Being a Sunday, a few people were around to welcome me. The club staff were extremely friendly and helpful, assisting me in an oil change and spark plug clean/rotate, as well as diagnosing and (hopefully) fixing an oil leak on cylinder #5. One of the pilots to come by and say hello was Tom Claytor who’d been assisting me by email with the preparations and all kinds of helpful advice. He’s an incredibly experienced and well known adventurous pilot, having flown his Cessna 180 all over the world, mainly in the 90s with visits to places like Yemen. I had read a bit about his exploits before and it was exciting to meet him for real.

I spent a few hours working on the aircraft and sorting out everything to leave it for a month. The club parked me right outside the main office door; the original plan had been to put me under the covered parking across the apron but apparently they were “having problems with monkeys” over there. Not an issue that I’d had to deal with before! The sun was gradually setting as flying at the club finished for the day, and radio control modelers took over the runway for a while. The club called a taxi for me, and I settled in and headed for Bangkok for a few days relaxation. I’d built in time at the end of the section to allow for any delays along the way, and now had a bit of time to kill!

90 minutes or so later, I arrived at my hotel. Traffic had been awful with the rain that had set in, and I was exhausted. I dropped all my washing at reception, ordered room service, and settled in for a long relaxed sleep. No flight planning to worry about! So far, I’d flown over 16,000 miles, visiting 24 countries, and all in just under 120 flying hours.

The next four days, until my late evening departure from Bangkok airport back to Iraq, were extremely lazy and relaxing. I was able to catch up on plenty of sleep, enjoy a movie and variety of food in the astonishingly huge nearby Terminal 21 mall, and even do a few tourist activities such as visiting the beautiful Jim Thompson House (the former home of a renowned American businessman and trader who settled in Bangkok, and one day vanished mysteriously on a short walk in the Cameron Highlands of neighbouring Malaysia.)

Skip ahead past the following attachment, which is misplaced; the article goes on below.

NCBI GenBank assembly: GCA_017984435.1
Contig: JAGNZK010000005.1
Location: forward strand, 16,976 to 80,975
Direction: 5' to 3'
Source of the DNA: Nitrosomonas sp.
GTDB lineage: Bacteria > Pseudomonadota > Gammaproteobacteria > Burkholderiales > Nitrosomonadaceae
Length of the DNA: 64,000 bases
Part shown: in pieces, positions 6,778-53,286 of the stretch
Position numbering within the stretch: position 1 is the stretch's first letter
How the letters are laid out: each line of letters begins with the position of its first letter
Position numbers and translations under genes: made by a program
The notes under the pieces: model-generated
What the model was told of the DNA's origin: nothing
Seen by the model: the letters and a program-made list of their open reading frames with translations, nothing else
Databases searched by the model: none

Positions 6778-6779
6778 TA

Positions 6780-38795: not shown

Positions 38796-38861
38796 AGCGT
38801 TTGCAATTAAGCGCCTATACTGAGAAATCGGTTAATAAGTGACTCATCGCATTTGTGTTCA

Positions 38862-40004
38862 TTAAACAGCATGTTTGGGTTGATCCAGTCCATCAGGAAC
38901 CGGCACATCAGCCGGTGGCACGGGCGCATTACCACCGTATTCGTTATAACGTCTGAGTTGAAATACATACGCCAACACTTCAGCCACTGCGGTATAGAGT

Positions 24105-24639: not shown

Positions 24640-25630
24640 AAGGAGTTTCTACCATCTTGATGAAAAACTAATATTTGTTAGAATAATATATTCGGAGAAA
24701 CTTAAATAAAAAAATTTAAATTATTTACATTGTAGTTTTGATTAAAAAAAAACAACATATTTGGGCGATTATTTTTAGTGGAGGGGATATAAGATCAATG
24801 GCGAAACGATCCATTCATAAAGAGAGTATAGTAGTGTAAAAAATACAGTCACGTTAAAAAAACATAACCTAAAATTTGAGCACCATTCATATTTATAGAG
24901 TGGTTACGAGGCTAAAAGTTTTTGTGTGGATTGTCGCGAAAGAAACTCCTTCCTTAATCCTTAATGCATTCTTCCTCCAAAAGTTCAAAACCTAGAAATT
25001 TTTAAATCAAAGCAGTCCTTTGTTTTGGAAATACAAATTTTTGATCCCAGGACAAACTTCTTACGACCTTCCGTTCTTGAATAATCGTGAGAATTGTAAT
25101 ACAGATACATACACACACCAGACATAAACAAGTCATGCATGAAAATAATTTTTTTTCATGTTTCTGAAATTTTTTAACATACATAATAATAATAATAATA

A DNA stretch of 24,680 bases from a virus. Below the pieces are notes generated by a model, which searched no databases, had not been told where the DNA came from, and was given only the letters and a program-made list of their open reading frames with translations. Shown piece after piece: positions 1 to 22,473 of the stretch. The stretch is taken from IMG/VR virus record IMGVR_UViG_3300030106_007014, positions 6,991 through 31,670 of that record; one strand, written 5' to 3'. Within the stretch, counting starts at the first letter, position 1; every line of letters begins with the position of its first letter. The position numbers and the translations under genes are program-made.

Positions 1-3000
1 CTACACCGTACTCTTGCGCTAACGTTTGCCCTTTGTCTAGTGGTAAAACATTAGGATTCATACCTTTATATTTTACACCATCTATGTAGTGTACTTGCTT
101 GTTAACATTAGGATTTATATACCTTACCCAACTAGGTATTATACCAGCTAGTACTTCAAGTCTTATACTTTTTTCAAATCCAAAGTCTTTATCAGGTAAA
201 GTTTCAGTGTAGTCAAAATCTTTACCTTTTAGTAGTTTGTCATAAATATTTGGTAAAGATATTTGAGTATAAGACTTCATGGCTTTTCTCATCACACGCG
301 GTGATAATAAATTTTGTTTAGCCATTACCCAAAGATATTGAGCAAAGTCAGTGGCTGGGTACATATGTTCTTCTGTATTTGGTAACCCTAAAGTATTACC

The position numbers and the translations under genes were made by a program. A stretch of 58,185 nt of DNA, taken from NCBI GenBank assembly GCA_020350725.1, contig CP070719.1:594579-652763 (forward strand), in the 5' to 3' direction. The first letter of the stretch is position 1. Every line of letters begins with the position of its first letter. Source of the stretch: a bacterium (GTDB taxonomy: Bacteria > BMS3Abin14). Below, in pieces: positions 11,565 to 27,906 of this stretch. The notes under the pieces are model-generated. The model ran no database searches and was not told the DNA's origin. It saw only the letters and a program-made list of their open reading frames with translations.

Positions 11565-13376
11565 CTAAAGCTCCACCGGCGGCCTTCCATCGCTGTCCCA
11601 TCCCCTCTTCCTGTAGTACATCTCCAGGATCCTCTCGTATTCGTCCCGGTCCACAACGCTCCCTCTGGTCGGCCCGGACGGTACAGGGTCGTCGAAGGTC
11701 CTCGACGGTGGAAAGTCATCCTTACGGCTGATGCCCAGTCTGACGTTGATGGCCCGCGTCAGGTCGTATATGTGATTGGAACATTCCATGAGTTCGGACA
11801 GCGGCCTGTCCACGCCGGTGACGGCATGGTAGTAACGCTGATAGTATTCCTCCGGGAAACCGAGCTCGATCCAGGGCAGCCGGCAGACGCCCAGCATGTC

The days sped by and before I knew it I was sitting on an Emirates A380, crossing in just hours territory that had taken me weeks to crawl my way across in the C182. Another 4 weeks of work, and then it would be back to Thailand, and on with the adventure!

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4 thoughts on “Round the World – Eurasia Days 23 to 27

  1. Fascinating! I really enjoyed your videos (and music!) as well as the still photos. How much total fuel does Planey hold? Also, over the water toward India you were in touch with Gavin for weather using what communications? Looking forward to the next segments with great anticipation 🙂

    1. Jim, in total he has 88 gallons usable in the mains, 23 gallons in the tip tanks, and a 160 gallon ferry tank in place of the rear seats! For in flight messaging I use the Garmin InReach, that operates on the Iridium network. Check out the “Aircraft” page (look in the website menu under “Info”) for more information about how Planey is set up!

  2. Thanks for the info!! That is certainly a lot of fuel! I assume the engine is relatively low time so oil consumption is minimal for those 11 + hour legs. I am familiar with the InReach system and it is good to know that it works well on your travels. I really enjoy your photos of places I have heard of but never seen. Thank you so much for sharing your adventures!!!

    1. Yes; engine is at about 500 hours, and used less than a quart of oil on my 16.5 hour cross-country test flight!